Pulitzer Prize-winning journalist Albert Scardino discusses the morally underhand methods of the British Press
“So sorry” could be Britain’s national motto. Just catch the eye of someone on a street corner and he’s likely to apologise. Railway conductors routinely seek the pardon of patrons for the late running of trains and “any inconvenience caused”. Even hoardings at construction sites ask forgiveness. Why then does the British press find it so difficult to admit its sins and start its penance?
Just listen to the witnesses at the Leveson Inquiry into the Culture, Practice and Ethics of the Press. The allegations of illegal conduct against journalists and the private detectives they relied on seem to touch on every part of the criminal code: extortion, fraud, assault, bribery, theft, electronic surveillance, perversion of the course of justice, invasion of privacy, even murder.
Journalists broke into computers and telephones to steal information. They posed as doctors and accountants to obtain confidential information about private individuals, a technique they call blagging but which the law calls fraud. Photojournalists spit on mothers carrying babies in order to capture the look of disgust as they turned toward the camera, a technique that amounts to assault.
News Corporation operated a police state, using its news columns as its instruments of torture. The public officials who were corrupted by journalists seem to have included police detectives, health care workers, prison employees, even a government cabinet minister’s staff. Prime Ministers, business executives, teenage singers and sports stars, ordinary Joes who happened to rent apartments to crime victims – all cowered before the intruding journalists.
Intimidating surveillance was used on lawyers, police investigators and critics in Parliament. Evidence was destroyed on an industrial scale.
James Murdoch, chairman of News International until recently, says that receiving market sensitive information before it was divulged to the public was just an ordinary part of business-government relations. His claim during testimony at the Leveson inquiry that he would never use his newspapers to gain commercial advantage brought gales of laughter from the press gallery. After being accused in a Parliamentary hearing of running a Mafia organisation, he was nicknamed in some quarters “Il Bambino”. His father, Rupert, continues to be granted access to private entrances at court and government offices to avoid the media scrum.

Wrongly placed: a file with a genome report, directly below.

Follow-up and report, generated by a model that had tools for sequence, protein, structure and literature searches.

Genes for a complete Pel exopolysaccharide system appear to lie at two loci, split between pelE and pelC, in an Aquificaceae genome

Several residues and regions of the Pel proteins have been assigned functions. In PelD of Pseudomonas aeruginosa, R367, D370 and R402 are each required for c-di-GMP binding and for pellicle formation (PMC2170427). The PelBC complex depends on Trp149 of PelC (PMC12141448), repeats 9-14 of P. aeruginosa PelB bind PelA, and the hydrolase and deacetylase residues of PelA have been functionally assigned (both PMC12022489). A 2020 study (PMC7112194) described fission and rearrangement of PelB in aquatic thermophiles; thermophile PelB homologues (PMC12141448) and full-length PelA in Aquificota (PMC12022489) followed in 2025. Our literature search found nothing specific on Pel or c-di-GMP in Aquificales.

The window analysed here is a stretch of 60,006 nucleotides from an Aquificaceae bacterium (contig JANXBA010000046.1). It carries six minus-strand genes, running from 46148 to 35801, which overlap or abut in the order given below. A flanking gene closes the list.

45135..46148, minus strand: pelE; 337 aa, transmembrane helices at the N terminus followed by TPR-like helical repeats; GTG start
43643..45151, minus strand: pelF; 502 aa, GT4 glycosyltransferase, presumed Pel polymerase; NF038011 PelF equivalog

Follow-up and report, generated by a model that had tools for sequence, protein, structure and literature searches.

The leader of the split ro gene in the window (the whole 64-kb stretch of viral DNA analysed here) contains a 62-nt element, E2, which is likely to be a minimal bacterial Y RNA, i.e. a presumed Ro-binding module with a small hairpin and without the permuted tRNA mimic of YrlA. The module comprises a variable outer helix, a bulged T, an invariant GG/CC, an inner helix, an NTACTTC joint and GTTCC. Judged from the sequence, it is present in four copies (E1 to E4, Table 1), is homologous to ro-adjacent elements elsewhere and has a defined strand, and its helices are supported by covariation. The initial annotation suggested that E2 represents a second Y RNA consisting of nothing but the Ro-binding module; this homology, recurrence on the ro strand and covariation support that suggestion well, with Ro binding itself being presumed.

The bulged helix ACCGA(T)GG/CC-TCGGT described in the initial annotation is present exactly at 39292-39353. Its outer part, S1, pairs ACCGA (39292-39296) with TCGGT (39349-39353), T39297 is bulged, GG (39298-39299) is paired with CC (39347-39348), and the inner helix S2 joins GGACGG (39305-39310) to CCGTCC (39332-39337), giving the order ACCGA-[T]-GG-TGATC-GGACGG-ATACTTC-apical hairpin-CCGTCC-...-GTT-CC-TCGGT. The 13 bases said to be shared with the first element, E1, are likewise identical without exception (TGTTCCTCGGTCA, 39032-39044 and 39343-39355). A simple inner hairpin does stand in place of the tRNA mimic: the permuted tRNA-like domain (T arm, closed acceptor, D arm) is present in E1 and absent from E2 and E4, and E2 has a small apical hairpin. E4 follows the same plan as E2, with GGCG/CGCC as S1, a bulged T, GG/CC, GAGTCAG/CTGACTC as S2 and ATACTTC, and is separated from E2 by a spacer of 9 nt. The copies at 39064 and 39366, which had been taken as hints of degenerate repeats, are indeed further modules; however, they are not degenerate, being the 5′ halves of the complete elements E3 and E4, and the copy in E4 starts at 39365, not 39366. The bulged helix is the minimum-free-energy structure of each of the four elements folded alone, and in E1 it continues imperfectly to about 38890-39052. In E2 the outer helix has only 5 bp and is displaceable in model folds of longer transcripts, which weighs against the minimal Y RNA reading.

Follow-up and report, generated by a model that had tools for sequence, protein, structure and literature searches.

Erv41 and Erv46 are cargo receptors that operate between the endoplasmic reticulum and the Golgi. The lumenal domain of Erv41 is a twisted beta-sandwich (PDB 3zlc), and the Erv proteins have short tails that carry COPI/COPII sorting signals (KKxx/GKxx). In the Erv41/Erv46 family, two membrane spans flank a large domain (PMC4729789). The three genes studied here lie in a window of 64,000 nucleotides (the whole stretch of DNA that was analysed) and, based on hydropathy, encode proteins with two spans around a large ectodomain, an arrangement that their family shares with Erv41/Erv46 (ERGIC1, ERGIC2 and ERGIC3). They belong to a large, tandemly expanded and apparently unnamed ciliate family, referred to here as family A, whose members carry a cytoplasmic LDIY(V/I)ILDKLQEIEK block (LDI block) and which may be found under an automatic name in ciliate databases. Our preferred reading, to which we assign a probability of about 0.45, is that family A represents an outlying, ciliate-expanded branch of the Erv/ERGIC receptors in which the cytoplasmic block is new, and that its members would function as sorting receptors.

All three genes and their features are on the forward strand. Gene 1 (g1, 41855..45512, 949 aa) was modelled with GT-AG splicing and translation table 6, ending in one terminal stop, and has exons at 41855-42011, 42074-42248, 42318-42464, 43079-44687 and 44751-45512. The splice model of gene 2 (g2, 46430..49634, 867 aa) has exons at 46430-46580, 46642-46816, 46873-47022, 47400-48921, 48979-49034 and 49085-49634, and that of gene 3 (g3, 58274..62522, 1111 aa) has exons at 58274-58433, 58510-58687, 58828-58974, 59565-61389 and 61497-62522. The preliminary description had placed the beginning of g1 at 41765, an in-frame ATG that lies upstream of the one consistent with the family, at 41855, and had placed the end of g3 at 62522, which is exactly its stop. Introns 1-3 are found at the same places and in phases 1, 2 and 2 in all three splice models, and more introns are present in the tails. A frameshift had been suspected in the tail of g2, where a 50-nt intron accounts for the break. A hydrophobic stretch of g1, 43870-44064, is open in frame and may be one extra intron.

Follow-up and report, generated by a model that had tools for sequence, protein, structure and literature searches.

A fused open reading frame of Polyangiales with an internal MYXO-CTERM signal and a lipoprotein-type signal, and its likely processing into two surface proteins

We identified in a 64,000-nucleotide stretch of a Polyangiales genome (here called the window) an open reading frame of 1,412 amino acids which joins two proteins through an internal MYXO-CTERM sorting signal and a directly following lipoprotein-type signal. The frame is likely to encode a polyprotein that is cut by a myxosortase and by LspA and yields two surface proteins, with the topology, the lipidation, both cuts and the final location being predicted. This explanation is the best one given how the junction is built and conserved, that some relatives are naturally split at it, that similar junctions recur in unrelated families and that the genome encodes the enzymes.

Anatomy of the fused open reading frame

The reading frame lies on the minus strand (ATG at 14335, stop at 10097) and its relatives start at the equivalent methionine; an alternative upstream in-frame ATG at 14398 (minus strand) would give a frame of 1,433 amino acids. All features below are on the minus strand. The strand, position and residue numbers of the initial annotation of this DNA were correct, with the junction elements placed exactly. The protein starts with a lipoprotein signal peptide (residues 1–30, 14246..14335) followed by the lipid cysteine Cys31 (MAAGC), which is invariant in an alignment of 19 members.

“To hear British journos tell it, this is freedom of expression. Or the public’s right to know. Or public interest”
Sorry? Not a bit. To hear British journos tell it, this is freedom of expression. Or the public’s right to know. Or public interest. Not only have they refused to apologise to anyone, they now seek permanent waivers to behave this way in the form of attachments to laws granting them immunity. They seek protection from enforcement of the law, so long as they themselves believe they are acting in the public interest. Le loi, c’est moi or translated from the French, fuck off.
Denial of the rottenness of the culture runs across the entire spectrum of British journalism. The editor of the Daily Mail, Paul Dacre, is outraged that there has been an attempt to drag his paper’s reputation “into another newspaper’s scandal,” forgetting conveniently that the Mail has faced many of these allegations themselves in the recent past. Anne McElvoy, the well travelled public policy editor of The Economist, insists that the current scandal involves bribery and phone hacking, both crimes, and should be prosecuted, but the investigation into the culture and ethics of the press goes too far.
She says all journalists have misrepresented themselves at one time or another by blagging or fraud in order to obtain a story. As for the rest of the alleged crimes, “Oh, come on.”
Journalists can be quite aggressive physically in defence of their immunity. Police officers showing up to arrest a journalist at News International for repeatedly breaking into electronic communications of members of the royal family found themselves facing an angry mob of reporters and editors. Badly outnumbered, they were forced into a conference room to wait while the perpetrator was produced. Who knows what evidence was destroyed in the meantime. Rogue reporter, as the company claimed for four years? No, just the only one in the slammer at the moment. At least 25 others have now been arrested, including two former editors in chief. Four journalists